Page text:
Being in the wedding industry for 3+ years now, we've seen a lot. From working with different personalities to fads and phases that go quicker than they came in. Although I truly adored our wedding from the bottom of my heart, and am very thankful for the outcome, I have to admit, we didn't pay much attention to the art of planning.
1. It wasn't our profession at the time
2. We felt confident planning through the advice of bridal mags (ha!)
3. Back in 2011, internet/social media wedding inspiration wasn't such a craze as it is now
So, if we could do it again, here are the 3 things I would've changed.
1. Trust the experience of your vendors
I'm embarrassed to admit this, but truth be told, my main objective when selecting our vendors was solely based on who could give more for less. Don't get me wrong, sticking to your budget is a big deal and one we didn't take lightly because who wants to be swimming in a pool of debt on day one of marriage?
What I'm saying is, if I could go back, I would've put more effort into selecting vendors based on their 1) values, 2) testimonials and 3) passion for their work. When you make an investment to hire a wedding vendor (florist, planner, stationer, musician etc.) you not only invest in their services, but you also invest your time that will be spent together.
Are these people you would be friends with? Are they going to really understand the significance of why you want to hold your wedding on a Sunday morning? Do you trust them enough to run free with your ideas?
Since our vendors came with the experience we lacked, leaning on them would have taken a load of stress from us, which in turn would have led to a more enjoyable engagement and worry-free wedding.
Your vendors actually have a lot of knowledge when it comes to timelines, color pallettes, etiquette etc. even in sectors other than theirs. Asking your photog, for example, their opinion on a floral designer who will help you achieve the look you want is beneficial because 1. Like minded vendors stick together and 2. In order to run a "creative" small business, you need a little background knowledge in other fields. This is something that comes with time.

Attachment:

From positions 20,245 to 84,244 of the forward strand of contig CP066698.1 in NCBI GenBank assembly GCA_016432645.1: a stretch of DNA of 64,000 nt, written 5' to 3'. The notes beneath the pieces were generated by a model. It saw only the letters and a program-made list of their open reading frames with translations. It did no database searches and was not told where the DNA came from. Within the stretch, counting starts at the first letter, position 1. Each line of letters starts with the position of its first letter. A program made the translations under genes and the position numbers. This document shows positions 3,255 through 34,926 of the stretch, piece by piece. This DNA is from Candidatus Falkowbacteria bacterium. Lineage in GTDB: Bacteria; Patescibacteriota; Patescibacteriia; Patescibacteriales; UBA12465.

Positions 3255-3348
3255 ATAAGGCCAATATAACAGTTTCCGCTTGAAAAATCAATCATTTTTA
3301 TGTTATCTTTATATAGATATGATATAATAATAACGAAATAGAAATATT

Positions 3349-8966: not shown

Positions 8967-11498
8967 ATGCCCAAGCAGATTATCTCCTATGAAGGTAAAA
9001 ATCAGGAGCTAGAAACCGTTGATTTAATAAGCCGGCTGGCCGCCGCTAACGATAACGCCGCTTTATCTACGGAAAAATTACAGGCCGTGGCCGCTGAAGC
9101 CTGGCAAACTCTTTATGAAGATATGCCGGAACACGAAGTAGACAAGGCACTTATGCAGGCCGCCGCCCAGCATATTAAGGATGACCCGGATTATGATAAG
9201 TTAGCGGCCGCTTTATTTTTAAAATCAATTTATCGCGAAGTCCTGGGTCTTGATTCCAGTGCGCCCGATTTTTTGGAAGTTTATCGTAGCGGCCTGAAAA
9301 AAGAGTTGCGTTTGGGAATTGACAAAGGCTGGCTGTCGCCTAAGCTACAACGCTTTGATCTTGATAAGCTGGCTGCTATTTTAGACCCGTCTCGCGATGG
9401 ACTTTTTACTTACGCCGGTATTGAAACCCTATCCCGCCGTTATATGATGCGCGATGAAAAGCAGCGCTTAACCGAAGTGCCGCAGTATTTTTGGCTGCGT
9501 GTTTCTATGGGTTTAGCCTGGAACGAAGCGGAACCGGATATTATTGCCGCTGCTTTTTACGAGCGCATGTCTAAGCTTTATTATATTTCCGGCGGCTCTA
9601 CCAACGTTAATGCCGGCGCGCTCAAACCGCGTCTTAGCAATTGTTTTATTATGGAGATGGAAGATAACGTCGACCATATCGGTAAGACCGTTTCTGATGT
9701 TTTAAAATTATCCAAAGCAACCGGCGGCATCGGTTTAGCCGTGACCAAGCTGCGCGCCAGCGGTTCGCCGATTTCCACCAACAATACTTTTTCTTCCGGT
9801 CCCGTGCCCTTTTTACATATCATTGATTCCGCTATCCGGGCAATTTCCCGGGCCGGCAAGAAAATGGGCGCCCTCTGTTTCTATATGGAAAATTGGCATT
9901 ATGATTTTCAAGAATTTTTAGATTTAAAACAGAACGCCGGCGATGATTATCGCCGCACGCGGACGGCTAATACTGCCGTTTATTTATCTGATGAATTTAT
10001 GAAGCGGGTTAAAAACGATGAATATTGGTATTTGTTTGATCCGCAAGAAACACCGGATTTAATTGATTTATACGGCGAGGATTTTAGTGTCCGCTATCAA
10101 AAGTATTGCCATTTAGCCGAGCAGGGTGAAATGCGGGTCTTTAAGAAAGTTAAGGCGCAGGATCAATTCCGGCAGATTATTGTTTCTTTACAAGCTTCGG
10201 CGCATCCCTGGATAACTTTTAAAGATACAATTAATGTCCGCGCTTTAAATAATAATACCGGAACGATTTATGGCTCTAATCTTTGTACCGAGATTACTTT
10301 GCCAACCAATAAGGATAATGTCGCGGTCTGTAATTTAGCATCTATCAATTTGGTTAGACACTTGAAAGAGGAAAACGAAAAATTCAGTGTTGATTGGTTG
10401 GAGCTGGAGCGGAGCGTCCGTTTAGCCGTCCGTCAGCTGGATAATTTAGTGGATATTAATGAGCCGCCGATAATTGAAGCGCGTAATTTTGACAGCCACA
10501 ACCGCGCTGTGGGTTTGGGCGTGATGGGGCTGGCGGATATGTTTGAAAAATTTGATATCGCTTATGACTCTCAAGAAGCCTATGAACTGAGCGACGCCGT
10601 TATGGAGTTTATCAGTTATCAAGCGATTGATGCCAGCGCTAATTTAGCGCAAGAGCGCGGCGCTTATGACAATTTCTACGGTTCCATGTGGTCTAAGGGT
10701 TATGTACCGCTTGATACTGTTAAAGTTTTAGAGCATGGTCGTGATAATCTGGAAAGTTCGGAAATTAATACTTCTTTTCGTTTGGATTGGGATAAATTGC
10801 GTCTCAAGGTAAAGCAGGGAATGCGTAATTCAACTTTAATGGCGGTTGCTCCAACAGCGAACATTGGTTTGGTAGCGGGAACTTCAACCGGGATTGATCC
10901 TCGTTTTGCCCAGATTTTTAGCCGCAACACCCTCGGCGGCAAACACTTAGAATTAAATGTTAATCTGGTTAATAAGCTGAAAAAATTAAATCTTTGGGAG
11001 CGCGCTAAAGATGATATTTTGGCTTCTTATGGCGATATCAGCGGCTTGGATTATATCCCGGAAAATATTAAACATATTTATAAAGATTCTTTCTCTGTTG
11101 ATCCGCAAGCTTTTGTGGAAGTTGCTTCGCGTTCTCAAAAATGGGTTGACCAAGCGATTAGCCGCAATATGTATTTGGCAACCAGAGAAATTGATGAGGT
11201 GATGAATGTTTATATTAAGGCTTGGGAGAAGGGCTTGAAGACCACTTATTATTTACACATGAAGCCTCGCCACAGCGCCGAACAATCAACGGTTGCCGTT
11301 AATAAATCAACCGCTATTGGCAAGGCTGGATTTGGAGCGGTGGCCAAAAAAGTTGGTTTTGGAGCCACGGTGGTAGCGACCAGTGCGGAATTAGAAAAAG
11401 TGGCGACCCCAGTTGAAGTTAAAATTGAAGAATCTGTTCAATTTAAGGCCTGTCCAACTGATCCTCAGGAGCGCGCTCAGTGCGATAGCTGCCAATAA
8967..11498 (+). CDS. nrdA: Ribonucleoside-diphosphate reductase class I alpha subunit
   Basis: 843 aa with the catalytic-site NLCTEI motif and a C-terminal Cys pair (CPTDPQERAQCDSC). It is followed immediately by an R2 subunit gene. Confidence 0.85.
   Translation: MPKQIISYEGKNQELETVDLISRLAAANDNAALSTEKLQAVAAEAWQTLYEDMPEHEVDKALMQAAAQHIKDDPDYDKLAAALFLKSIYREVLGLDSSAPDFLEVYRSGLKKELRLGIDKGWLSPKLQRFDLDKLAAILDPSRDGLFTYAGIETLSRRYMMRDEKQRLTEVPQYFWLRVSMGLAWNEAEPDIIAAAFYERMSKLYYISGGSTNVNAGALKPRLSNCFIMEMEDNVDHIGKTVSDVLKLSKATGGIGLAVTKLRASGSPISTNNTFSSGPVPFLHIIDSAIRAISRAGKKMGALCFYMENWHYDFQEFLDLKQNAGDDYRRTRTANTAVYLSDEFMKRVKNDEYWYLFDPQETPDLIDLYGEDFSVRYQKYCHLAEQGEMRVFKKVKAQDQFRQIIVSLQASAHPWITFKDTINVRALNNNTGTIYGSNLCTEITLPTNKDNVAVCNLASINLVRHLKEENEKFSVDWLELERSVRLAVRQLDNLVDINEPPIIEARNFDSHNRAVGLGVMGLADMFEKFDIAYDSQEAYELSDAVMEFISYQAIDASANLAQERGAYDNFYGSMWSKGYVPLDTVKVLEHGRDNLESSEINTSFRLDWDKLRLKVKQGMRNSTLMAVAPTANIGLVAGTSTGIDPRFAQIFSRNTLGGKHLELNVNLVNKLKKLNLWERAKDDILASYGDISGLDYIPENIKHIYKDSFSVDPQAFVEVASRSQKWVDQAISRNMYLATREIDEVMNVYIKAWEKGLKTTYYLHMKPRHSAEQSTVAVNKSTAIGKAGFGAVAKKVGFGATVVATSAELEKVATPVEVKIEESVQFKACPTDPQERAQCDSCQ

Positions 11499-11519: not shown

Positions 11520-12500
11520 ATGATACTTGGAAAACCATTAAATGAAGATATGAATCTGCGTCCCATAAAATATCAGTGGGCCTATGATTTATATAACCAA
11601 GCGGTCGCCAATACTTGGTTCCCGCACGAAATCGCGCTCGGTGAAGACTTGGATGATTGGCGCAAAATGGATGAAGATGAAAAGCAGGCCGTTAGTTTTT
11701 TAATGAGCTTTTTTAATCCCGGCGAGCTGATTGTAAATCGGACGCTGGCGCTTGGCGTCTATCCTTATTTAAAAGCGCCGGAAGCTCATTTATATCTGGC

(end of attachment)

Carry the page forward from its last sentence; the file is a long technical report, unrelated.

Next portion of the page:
2. Hire a videographer, even if the budget is tight.
If my husband was reading this one right now, he would laugh. We went back and forth on this for quite some time and needed to figure out where to cut back. At the time, this made sense.
Why would we need a video when we were already paying for photos? Although high-quality wedding photos are extremely important, you can't relive the memory as you would with a video. Our photos will never let me hear the birds above us at our ceremony or the moment we said of our vows.
All I am saying is, if you can swing it, do it. You won't regret it 10, 20, 50 years from now. Take it from someone who still thinks about it.
3. Stick to classic.
Fads come and go. When we got married, Pinterest was just lifting off and mason jars were all the rage.
Now, when I hear, "I want a Pinterest wedding" I sort of cringe because, I too, wanted that. When you are planning, I want you to think past current trends. Think about what you like. What mood defines you and your fiance? Ask yourself, is this something that will stand the test of time? By classic I don't mean "traditional", I mean something you will love 10 years down the road. The key is what YOU love, not what the trendsetters say.
Key items to keep classic: Your wedding dress, your wedding stationery and your ceremony.
I hope my experience puts a fresh perspective on yours. Although the day went by too quickly, it really was the most remarkable day of my life. The celebration, the joy, the way it brings everyone together and most importantly, the symbolism of a lifelong unity that's about to begin.